The CFU assays showed significantly lower quantities of biofilm on the discs from the 1% GSE, Polident, and 0.1% G+P groups than the control group. That is, the colony formation was inhibited by 57%, 98%, 80%, and 85% after treatment with 0.1% GSE, 1% GSE, Poldent and 0.1% G+P solutions, respectively. Among the cleansing solution groups, 1% GSE almost completely diminished the biofilm formed on disc surfaces compared with 0.1% GSE, Polident, and 0.1% G+P, among which no significant differences were noted (Fig 1). Another CFU assay to examine the persistent effect of each solution showed significantly lower quantities of biofilm on the discs from the 0.1% GSE, 1% GSE, and 0.1% G+P groups than the control group. That is, the colony formation was inhibited by 70%, 100%, 47%, and 76% after treatment with 0.1% GSE, 1% GSE, Poldent and 0.1% G+P solutions, respectively. Among the cleansing solution groups, the discs treated with the 1% GSE were significantly lower in biofilm content than those treated with 0.1% GSE, Polident, and 0.1% G+P. Interestingly, the addition of 0.1% GSE to Polident (0.1% G+P group) significantly inhibited biofilm formation compared with Polident alone. There were no significant differences among the 0.1% GSE, Polident, and 0.1% G+P groups (Fig 2). The comparison among the CFU assays for the discs treated with each solution followed by another 24-h incubation clearly revealed that treatment with 0.1% GSE and 1% GSE maintained the effectiveness of inhibition against biofilm formation even 24 h after a 5-min treatment. Importantly, the treatment with 1% GSE for 5 min almost eliminated the biofilm formed by C. albicans on the resins and inhibited the biofilm formation for at least 24 h after the initial treatment. Interestingly, the addition of 0.1% GSE to Polident (0.1% G+P) showed a more persistent effectiveness of inhibition of biofilm formation (Fig 3).

C. albicans biofilms recovered from discs treated with 0.1% GSE, 1% GSE, Polident, or 0.1% G+P for 5 min contained significantly much fewer vital C. albicans cells compared with those from the control group. Particularly, 1% GSE was proven to almost completely eliminate the vital cells from the biofilms. In addition, 0.1% GSE was nearly equally efficacious as Polident in the elimination of vital cells from biofilms. Microscopic images of 5-min treated C. albicans showed that this effect of GSE might be due to the cell death of C. albicans. Fluorescence microscopy observations showed that 1% GSE induced the death of C. albicans cells in both yeast and hyphal forms. Judging from the mechanism of the Live/Dead® FungaLight yeast viability kit, in which PI penetrates dead cells through the damaged cell wall/membrane and yields red fluorescence when it binds to DNA [26, 27], 1% GSE might have the potential to damage the Candida cell wall or membrane. Consistently, the SEM images of the 1% GSE-treated C. albicans showed shrinkage and surface damages in both yeasts and hyphae. The cell wall and cell membrane play important roles in cell viability, morphogenesis, response to environmental stressors, and pathogenesis [28]. Thus, these morphological changes are thought to reflect the breakdown of cell homeostasis, resulting in cell death. In contrast, in the 0.1% GSE, Polident, and 0.1% G+P groups, only a portion of yeast and hyphal forms of C. albicans were affected by each solution.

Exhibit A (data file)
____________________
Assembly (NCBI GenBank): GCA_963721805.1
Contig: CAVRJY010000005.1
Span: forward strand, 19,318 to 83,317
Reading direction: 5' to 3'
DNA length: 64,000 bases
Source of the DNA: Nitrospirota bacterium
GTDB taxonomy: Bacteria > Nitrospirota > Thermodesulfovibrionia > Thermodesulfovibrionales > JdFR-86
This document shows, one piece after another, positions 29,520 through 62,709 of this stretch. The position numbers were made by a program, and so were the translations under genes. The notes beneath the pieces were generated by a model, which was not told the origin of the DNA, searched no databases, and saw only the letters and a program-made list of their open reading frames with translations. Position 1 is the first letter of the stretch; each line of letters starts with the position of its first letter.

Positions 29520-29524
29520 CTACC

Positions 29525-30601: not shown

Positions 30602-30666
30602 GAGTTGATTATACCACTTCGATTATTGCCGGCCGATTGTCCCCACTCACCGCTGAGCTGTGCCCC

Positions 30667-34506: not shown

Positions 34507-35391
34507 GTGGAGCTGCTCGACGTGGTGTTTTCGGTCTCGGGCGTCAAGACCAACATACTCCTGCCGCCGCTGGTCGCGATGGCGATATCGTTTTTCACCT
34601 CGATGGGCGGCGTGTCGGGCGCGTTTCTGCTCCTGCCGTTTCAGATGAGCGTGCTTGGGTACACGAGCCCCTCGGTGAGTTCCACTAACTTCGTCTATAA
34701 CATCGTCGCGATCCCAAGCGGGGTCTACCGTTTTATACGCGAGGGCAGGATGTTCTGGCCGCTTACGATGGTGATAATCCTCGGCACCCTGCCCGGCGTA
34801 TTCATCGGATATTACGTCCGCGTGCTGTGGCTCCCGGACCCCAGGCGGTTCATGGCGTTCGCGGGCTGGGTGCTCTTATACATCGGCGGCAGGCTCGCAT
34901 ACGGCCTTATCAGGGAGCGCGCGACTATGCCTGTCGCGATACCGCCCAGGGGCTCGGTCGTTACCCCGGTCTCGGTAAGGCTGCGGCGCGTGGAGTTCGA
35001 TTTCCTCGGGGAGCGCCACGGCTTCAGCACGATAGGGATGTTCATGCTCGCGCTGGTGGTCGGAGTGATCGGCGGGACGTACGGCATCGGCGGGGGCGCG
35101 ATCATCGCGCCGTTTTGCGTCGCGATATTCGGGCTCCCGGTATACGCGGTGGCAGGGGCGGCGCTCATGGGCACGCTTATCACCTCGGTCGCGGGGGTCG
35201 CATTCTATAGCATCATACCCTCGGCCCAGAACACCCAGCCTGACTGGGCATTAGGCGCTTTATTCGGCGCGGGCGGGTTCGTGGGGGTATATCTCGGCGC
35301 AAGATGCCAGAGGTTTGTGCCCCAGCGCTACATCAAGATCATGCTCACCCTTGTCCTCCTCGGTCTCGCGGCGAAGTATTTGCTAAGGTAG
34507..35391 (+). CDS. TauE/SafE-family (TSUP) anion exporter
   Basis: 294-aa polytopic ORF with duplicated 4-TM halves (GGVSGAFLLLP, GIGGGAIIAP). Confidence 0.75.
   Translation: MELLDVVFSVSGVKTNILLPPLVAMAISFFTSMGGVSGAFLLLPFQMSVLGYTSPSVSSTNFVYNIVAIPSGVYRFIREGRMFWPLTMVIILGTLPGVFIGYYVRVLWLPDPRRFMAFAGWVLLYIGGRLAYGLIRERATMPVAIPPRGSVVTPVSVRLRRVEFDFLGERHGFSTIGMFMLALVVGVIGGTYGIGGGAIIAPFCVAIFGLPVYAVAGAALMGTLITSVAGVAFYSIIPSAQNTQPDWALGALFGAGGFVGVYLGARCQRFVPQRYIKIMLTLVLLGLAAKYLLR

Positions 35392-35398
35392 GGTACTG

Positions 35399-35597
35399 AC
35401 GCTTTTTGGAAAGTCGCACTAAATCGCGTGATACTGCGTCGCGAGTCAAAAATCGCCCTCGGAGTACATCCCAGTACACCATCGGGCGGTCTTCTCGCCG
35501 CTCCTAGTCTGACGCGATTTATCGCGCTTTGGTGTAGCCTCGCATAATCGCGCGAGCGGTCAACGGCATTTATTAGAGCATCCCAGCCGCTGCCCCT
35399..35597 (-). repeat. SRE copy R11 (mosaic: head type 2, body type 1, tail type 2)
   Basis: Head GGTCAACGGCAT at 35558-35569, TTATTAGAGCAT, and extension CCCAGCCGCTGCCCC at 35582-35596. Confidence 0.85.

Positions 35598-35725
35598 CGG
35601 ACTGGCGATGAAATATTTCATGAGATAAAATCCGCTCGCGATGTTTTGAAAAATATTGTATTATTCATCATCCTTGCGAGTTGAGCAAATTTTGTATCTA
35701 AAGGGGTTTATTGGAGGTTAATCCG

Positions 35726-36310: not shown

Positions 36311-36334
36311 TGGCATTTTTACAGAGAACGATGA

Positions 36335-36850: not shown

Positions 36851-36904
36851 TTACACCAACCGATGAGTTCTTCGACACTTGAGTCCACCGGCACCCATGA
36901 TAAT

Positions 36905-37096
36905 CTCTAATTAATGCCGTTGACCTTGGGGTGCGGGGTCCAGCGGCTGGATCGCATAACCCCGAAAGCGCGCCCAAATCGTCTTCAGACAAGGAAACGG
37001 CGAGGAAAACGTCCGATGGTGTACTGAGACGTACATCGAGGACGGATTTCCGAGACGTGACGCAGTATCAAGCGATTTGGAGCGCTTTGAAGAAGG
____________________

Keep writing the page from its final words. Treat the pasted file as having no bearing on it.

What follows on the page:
The results of the present study strongly suggest that GSE can be very useful for the disinfection of denture surfaces. Our data also suggest that a denture treated with GSE for 5 min has the potential to have a persistent inhibitory effect on the biofilm development of C. albicans. In addition, immersion in the solution containing GSE does not cause surface deterioration of denture-base resin. Therefore, GSE has great potential as a new component of denture cleanser.

 

Source:

http://doi.org/10.1371/journal.pone.0217496